• 1.2. Case Study: Amazon.com Venture Financing Chain A Financial Chronology of Amazon.com Price/Share $52.11 (exercise price on loan warrants) December Loan & Bond $326 million bond issue is used $1,327.5 (in April 1999, adjusted for two stock splits) 1997 to retire $75 million in loan debt Issue and to finance operations $18 May Three million shares are offered on the IPO equity market, raising $49.1 million 1997 $2.3417 June Venture Two venture capital funds invest $8 million 1996 Capitalists $.3333 May 1996 Family Founder’s siblings invest $20,000 $.3333 December Angel Twenty angels invest $46,850 each on average, for a 1995 Syndicate total of $937,000 $.1287 August Business Two angels invest a total of $54,408 1995 Angels $.1717 February Family Founder’s father and mother invest a combined $245,500 1995 July $.001 Founder Jeff Bezos starts Amazon.com; he invests $10,000 and borrows $44,000 1994 Source: data partially adapted from “Entrepreneurial Finance”, Smith.R., and Kiholm.J., 2001 1000ventures.com Amazon.com is a company that is closely tied with the e-commerce phenomenon. Jeff Bezos, the founder of the company, broke the rules of the book business by using the Internet rather than conventional distribution channels. Based in Seattle, USA, the company has grown from a book seller to a virtual Wall Mart of the Web selling products as diverse as music CDs, software, office products, electronics, toys, games, cookware, hardware, food, and health products. The company has also grown at a tremendous rate with revenue rising from about US$150 million in 1997 to US$5.2 billion in 2003. The company was founded by Jeff Bezos, a computer science and electrical engineering graduate from Princeton University. Bezos had moved to Seattle after resigning as a Senior Vice-President at D.E.Shaw, a Wall Street investment bank. He didn’t know much about the Internet. But he came across a statistic that the Internet was growing at 2300%, which convinced him that it was a large growth opportunity. Not knowing much more, he plunged into the world of e-commerce with no prior retailing experience. He chose to locate the company in Seattle because it had a large pool of technical talent and since it was close to one of the largest book wholesalers located in Rosenburg, Oregon. He was thinking of the company as a bookseller at the beginning. Moreover, the sales tax laws for online retailers state that one has to charge sales tax in the state in which one is incorporated. Therefore it was logical to locate in a small state. The company went online in July 1995. In May 1997, Amazon.com went public. As a symbol of the company’s frugality, Jeff and the first team built desks out of doors and four-by-fours. The company was started in a garage. Initial business meetings were conducted at a local Barnes and Noble store. Bezos picked the name Amazon for his company because it started with the letter A, signified something big, and it was easy to spell. (“Amazon.com – A Business History,” Sandeep Krishnamurthy, 2001) For his contribution, Jeff Bezos was picked as the 1999 Time person of the year at the age of 35 making him the fourth-youngest person of the year. Describing why it choose Bezos, Time magazine said, “Bezos’ vision of the online retailing universe was so complete, his Amazon.com site so elegant and appealing that it became from Day One the point of reference for anyone who had anything to sell online.” © Vadim Kotelnikov, www.kotelnikov.biz, Author & Founder, Ten3 Business e-Coach, www.1000ventures.com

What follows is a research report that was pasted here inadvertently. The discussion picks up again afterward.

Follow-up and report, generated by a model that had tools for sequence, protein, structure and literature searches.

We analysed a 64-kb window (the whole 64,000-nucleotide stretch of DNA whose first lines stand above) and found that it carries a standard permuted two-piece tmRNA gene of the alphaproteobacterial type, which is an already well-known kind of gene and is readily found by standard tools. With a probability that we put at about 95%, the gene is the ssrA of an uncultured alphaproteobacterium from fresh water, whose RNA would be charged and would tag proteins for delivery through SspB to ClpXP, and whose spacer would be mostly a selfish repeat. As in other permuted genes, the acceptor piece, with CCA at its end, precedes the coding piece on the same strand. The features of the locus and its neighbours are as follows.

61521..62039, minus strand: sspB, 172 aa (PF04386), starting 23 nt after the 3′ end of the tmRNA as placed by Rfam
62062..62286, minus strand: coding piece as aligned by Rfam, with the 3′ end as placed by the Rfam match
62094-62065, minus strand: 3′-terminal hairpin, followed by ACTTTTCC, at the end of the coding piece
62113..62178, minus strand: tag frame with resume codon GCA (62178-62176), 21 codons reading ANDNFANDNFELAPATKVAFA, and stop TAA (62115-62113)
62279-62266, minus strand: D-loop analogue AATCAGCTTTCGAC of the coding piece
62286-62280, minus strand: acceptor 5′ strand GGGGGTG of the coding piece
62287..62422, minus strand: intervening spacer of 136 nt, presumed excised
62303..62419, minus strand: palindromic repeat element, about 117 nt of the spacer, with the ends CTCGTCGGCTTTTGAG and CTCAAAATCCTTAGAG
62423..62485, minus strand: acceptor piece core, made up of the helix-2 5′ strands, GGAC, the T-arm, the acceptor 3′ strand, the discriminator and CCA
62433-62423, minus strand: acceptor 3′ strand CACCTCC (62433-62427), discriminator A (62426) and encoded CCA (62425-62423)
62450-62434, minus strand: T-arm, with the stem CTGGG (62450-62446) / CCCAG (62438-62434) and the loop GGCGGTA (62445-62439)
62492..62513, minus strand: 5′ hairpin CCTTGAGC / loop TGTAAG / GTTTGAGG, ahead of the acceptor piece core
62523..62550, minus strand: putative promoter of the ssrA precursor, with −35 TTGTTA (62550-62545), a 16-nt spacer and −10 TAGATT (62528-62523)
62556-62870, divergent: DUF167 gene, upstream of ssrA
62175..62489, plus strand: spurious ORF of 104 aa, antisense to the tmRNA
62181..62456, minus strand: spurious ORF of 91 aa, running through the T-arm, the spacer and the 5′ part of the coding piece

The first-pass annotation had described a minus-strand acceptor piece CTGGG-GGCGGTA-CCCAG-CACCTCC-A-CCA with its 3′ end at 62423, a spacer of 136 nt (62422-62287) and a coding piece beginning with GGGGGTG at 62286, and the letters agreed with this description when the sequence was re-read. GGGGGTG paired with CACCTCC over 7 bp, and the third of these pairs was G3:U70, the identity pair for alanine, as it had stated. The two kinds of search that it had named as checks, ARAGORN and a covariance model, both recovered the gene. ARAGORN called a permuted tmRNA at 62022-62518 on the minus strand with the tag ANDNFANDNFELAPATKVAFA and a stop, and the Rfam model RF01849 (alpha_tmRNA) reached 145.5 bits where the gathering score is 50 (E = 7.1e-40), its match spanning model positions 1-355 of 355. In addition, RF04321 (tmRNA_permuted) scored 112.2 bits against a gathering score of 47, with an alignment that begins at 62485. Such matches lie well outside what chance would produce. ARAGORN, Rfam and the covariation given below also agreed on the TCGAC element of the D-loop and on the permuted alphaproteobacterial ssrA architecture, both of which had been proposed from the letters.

• We invented inspirational Business e-Coaching in 2001. Today, we have customers in 80+ countries! We help you change the world! http://www.1000ventures.com © Vadim Kotelnikov, www.kotelnikov.biz, Author & Founder, Ten3 Business e-Coach, www.1000ventures.com